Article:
President Barack Obama's approval rating has dropped more than 18 points since taking office to an all-time low of 44.7 percent, according to a new Gallup poll.
The results of the poll, released Thursday, average approval ratings from more than 90 thousand respondents during the third quarter of 2010, July 20 through October 19. Only three presidents since 1954—Bill Clinton, Ronald Reagan, and Jimmy Carter—received lower marks in the seventh quarter of their presidencies.
More Americans also say they don't think Obama deserves a second term in office, 54 percent, to 39 percent who say the president should be reelected. Only 38 percent of respondents in a 1994 Gallup survey said they thought Clinton deserved a second term, but the president earned a decisive 49-point victory in the 1996 elections; former President George W. Bush enjoyed reelection support from 62 percent of respondents in a 2002 survey, before going on to his second term in 2004.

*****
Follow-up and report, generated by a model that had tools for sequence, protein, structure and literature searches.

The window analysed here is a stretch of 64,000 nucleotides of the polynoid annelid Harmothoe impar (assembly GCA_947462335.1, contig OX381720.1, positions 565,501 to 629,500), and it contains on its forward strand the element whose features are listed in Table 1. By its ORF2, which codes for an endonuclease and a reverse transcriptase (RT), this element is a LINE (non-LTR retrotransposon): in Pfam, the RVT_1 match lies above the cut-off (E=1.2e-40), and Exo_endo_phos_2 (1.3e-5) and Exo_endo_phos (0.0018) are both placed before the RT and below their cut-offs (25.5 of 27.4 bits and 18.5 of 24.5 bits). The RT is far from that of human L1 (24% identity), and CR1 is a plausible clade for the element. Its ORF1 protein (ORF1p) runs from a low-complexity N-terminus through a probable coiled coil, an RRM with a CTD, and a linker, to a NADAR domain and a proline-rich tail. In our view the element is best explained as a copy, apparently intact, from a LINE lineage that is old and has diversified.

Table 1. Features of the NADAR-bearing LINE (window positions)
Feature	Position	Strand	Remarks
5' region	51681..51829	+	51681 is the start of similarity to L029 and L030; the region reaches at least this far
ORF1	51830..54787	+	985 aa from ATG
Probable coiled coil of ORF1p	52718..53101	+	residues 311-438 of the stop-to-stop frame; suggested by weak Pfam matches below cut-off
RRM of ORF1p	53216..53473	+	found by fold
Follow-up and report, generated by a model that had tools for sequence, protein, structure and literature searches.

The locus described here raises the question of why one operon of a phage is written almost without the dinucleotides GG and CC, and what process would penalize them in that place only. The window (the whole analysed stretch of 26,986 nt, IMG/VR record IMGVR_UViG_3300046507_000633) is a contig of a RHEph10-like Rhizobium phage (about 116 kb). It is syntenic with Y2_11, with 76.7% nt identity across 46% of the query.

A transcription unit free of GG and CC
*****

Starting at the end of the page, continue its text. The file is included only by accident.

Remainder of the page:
These numbers may tell more of a story than just the prospect of a second term. Seventh-quarter approval ratings in every president's term come just before critical midterm elections. Republicans made huge congressional gains on their "Contract With America" campaign in 1994, when Clinton's approval and reelect ratings were low. The GOP held steady under Bush in 2002's midterms.
Obama's low ratings are likely unwelcome news to Democrats, who are fighting to keep Republicans from winning the 39 House seats and 10 Senate seats needed to gain control of Congress.